A commonly occurring virus of the herpes virus group – the name derived from the swollen appearance of infected cells (‘cytomegalo’ = large cell). The infection is usually asymptomatic (or like mild in?uenza), but it can cause an illness similar to infectious MONONUCLEOSIS. Most people (80 per cent) will have had CMV infection by the time they are adults, but the virus can remain latent in the body and cause recurrent infections. During an acute infection the virus is excreted in saliva, breast milk and urine as well as from the vagina, and this may continue for years. CMV is transmitted naturally by saliva or during sexual contact, but blood transfusions and organ transplantations are also infection routes. Although CMV rarely causes its host any problems, when it is passed from an infected mother to her fetus in utero or to an infant during birth (from vaginal secretions) or via breast milk postnatally, the virus causes a generalised severe infection in the infant. This can involve the central nervous system and liver, causing death of the fetus or neonate. If the infant survives it may be mentally retarded, with motor disabilities, deafness and chronic liver disease. In England and Wales about 400 babies a year are born with CMV-induced disabilities. If an adult is immunode?cient (see IMMUNODEFICIENCY) because of HIV infection/AIDS or as a result of immunosuppressive treatment after an organ transplant, he or she may become seriously ill.... Medical Dictionary

EBOLA VIRUS DISEASE

Medical Dictionary

Ebola virus disease is another name for VIRAL HAEMORRHAGIC FEVER. The ebola virus is one of the most virulent micro-organisms known. Like the marburg virus (see MARBURG DISEASE), it belongs to the ?lovirus group which originates in Africa. Increased population mobility and wars have meant that the infection occasionally occurs elsewhere, with air travellers developing symptoms on returning home.

Treatment As the disease can be neither prevented nor cured, treatment is supportive, with strict anti-infection procedures essential as human-to-human transmission can occur via skin and mucous-membrane contacts. Incubation period is 5–10 days. Fever with MYALGIA and headache occur initially, often accompanied by abdominal and chest symptoms. Haemorrhagic symptoms soon develop and the victim either starts to improve in the second week or develops multi-organ failure and lapses into a coma. Mortality ranges from 25 to 90 per cent.... Medical Dictionary

ECHOVIRUSES

Medical Dictionary

Echoviruses, of which there are more than 30 known types, occur in all parts of the world. Their full name is Enteric Cytopathogenic Human Orphan (ECHO – hence the acronym). They are more common in children than in adults, and have been responsible for outbreaks of MENINGITIS, common-cold-like illnesses, gastrointestinal infections, and infections of the respiratory tract. They are particularly dangerous when they infect premature infants, and there have been several outbreaks of such infection in neonatal units, in which premature infants and other seriously ill small babies are nursed. The virus is introduced to such units by mothers, sta? and visitors who are unaware that they are carriers of the virus.... Medical Dictionary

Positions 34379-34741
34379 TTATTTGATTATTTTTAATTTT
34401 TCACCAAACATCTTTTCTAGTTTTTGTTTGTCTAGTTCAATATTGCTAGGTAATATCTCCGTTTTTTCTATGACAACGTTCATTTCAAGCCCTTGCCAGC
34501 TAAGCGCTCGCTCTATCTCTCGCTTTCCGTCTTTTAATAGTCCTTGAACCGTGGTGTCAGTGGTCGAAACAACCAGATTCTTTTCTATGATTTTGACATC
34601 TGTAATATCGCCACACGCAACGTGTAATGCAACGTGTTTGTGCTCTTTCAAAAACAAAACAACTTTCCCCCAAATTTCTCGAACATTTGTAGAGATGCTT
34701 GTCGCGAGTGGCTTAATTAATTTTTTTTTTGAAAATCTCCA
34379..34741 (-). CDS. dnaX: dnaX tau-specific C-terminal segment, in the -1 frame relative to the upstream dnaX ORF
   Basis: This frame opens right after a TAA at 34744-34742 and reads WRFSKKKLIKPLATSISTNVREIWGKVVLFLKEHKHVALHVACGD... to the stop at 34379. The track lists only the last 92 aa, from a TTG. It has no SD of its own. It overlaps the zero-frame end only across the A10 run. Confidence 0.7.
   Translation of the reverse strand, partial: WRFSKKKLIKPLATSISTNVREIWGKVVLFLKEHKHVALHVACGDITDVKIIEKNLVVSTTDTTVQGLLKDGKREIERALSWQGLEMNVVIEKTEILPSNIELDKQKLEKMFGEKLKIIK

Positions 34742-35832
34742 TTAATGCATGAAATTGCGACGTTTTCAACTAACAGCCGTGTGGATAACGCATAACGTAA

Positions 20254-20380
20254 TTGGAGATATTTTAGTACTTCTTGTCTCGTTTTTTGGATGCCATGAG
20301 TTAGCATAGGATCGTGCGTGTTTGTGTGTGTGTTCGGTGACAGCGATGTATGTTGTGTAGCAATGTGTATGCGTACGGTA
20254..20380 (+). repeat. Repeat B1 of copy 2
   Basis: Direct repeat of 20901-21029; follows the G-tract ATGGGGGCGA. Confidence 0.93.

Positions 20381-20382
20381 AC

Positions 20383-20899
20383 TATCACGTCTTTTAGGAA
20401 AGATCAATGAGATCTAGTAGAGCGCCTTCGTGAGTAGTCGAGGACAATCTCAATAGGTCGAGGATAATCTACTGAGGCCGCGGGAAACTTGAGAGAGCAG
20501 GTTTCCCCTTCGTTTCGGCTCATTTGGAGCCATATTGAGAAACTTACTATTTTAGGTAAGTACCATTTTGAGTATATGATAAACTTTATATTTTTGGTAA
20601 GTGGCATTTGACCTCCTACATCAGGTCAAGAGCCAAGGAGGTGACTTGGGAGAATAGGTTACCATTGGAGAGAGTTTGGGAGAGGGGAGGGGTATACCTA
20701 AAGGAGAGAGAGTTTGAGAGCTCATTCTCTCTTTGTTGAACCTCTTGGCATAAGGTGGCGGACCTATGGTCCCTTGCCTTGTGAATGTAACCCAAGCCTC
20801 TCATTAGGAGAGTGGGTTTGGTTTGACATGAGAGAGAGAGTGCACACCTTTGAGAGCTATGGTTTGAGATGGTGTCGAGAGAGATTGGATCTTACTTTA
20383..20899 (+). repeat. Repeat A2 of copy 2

ENTEROVIRUSES

Medical Dictionary

A family of VIRUSES which include the POLIOMYELITIS, COXSACKIE and ECHO (see ECHOVIRUSES) groups of viruses. Their importance lies in their tendency to invade the central nervous system. They receive their name from the fact that their mode of entry into the body is through the gut.... Medical Dictionary

EPSTEIN BARR VIRUS

Medical Dictionary

The virus that causes glandular fever or infectious MONONUCLEOSIS. It is similar to the viruses that cause herpes and is associated with BURKITT’S LYMPHOMA. It has been suggested as precipitating some attacks of MYALGIC ENCEPHALOMYELITIS (ME), also known as CHRONIC FATIGUE SYNDROME (CFS).... Medical Dictionary

EPSTEIN-BARR VIRUS

Herbal Medical

A large, ubiquitous, and normally benign, herpes-like virus with both DNA and capsid. It is sometimes implicated in mononucleosis and at least two types of lymphomas. Recently it has been become connected with the symptom picture called chronic fatigue syndrome (as has been CMV) and can produce many ill-defined (but subjectively distressful) symptoms, including fatigue, fevers of an unknown origin (FUO...love those acronyms!), and emotional lability. Immunosuppression, from whatever cause, allows the syndrome to occur. Many people in and out of medicine have come to regard it as both another form of Multiple Chemical Sensitivities (MCS, naturally) and a sequel to excessive medical use of immunosupressant anti­inflammatories.... Herbal Medical